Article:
Addiction Recovery

The Danger of Loneliness

By September 21, 2020September 25th, 2020No Comments
Young spent years searching for something to fill the loneliness.

Young spent years searching for something to fill the loneliness.

There is something about loneliness that I know to be both deeply cruel and extremely dangerous. I have spent many years of my life trying to achieve relief from a very real kind of loneliness. The worst part about addiction or homelessness or sin is the isolation and separation you begin to suffer from over time. Before I walked into the Miracle Hill Overcomers recovery program in 2018, I had never felt more alone in my entire life. Wanting to die is built on a lie of unworthiness (I know this from experience), but my unworthiness was fueled initially by a painful loneliness.

The Struggle To Talk About Loneliness

People have a very hard time talking about loneliness. We live in an era where scrolling through social media feeds will make you think that everyone looks so happy. I have never seen a post where someone says, “I am in a crowd of people, but I feel totally awkward and don’t think anybody really knows how sad I am today! #LONELINESSYALL.” Even Christians can make it seem like loneliness is some kind of sin or maybe a sign that you are lacking in faith. Many times when people share with me that they feel depressed or struggle with anxiety, we don’t get to address the underlying loneliness or sense of aloneness that they are experiencing.

We were never meant to be alone. We are made in the image of God who is, in fact, a community of three in one. We were built for a life of community. When God created the earth, everything was good, until the very first thing that God says is not good — for man to be alone. Even Jesus had 12 best friends that he traveled everywhere with all the time! I think God knows that loneliness would cause us to despair. When Jesus was asked what the greatest commandment is, He answers to love God AND to love others. Jesus sets forth a way of living that along with honoring God, combats loneliness.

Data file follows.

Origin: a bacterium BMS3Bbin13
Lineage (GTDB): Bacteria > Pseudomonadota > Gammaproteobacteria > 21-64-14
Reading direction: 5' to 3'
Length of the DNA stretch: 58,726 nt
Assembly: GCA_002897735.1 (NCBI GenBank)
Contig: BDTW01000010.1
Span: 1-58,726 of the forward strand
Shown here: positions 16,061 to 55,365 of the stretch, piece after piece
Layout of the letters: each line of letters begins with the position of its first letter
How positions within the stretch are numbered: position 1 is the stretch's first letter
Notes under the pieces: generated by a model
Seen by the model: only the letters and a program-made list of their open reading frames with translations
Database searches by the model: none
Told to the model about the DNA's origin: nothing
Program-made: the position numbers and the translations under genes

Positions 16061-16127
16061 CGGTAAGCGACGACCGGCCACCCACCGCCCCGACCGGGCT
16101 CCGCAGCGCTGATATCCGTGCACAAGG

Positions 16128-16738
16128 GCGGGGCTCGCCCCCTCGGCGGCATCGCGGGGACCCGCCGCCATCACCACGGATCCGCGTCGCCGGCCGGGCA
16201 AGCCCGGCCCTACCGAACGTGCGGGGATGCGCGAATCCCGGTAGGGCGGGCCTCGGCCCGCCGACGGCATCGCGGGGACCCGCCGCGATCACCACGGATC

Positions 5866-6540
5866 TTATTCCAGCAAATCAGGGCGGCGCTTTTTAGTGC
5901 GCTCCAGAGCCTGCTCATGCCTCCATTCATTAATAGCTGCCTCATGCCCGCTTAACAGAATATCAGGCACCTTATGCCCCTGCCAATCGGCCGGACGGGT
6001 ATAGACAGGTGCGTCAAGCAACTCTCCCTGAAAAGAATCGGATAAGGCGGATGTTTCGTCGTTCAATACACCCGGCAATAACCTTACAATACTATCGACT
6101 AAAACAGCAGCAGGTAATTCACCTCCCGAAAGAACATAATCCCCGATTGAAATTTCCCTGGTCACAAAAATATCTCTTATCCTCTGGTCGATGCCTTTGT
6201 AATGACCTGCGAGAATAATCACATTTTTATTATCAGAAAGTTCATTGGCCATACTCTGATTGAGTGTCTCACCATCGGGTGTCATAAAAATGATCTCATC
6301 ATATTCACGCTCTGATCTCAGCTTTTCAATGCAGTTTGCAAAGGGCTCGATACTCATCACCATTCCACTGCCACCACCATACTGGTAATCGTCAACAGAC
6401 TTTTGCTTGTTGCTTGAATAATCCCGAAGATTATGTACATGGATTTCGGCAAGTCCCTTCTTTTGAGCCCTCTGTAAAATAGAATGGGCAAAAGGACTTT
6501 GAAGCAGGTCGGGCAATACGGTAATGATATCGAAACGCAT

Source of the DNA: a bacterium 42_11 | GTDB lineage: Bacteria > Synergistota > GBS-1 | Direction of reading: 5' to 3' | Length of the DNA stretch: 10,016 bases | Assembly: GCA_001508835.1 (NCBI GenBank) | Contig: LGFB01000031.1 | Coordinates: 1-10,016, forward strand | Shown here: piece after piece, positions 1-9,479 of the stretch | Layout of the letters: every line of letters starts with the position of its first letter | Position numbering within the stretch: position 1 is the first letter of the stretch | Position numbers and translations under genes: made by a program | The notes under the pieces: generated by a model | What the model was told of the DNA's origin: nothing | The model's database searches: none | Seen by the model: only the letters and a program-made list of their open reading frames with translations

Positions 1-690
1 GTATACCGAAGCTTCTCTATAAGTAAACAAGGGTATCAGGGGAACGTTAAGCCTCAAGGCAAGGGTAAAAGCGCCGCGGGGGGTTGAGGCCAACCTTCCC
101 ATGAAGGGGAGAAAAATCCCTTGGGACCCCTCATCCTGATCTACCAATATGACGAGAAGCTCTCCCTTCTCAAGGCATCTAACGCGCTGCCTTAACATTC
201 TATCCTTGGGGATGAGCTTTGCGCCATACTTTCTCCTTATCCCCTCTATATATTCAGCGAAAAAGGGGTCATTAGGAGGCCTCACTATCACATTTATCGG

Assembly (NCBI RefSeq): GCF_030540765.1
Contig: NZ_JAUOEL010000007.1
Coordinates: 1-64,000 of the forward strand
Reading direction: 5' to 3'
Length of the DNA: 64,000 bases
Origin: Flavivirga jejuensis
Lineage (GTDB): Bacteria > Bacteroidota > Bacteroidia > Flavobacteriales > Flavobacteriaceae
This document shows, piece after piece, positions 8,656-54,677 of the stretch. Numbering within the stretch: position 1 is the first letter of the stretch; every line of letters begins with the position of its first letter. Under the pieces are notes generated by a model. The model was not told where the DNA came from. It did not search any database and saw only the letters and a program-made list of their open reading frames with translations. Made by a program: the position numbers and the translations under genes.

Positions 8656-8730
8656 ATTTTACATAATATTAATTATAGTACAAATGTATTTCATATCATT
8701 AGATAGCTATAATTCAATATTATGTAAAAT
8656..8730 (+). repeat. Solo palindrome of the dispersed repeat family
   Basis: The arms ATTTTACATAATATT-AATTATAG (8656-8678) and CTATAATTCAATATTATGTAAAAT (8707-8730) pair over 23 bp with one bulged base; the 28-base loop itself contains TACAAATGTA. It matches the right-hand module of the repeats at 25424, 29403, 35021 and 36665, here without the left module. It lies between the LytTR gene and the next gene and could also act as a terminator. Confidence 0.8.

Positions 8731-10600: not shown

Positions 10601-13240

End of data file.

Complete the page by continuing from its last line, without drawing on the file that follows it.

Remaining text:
Searching For Community In the Dark

I recently had the experience of visiting a county jail amidst the coronavirus pandemic. This short “mission trip” was a final requirement to make amends with my past. I’m happy to share the entire story of what took me there, but instead, I will quote my favorite movie of all time, “Let me explain (pause). No, there is too much. Let me sum up. . .” In order to keep all of the inmates of the jail safe from transmitting COVID 19, we were all put into a 24-hour lockdown while we waited for our test results to come back. The entire block was separated into individual cells.

I learned something very powerful through this experience. First, even though I was completely alone in my cell, I was never really alone. I had Jesus drawing me close and keeping me full of joy and peace. Second, all of the inmates would find very creative ways to communicate with each other. They would yell from cell to cell; they would pass notes when possible; they would play chess by calling out moves; they would knock on the cell walls to encourage one another; or they would desperately try and connect in whatever ways they could.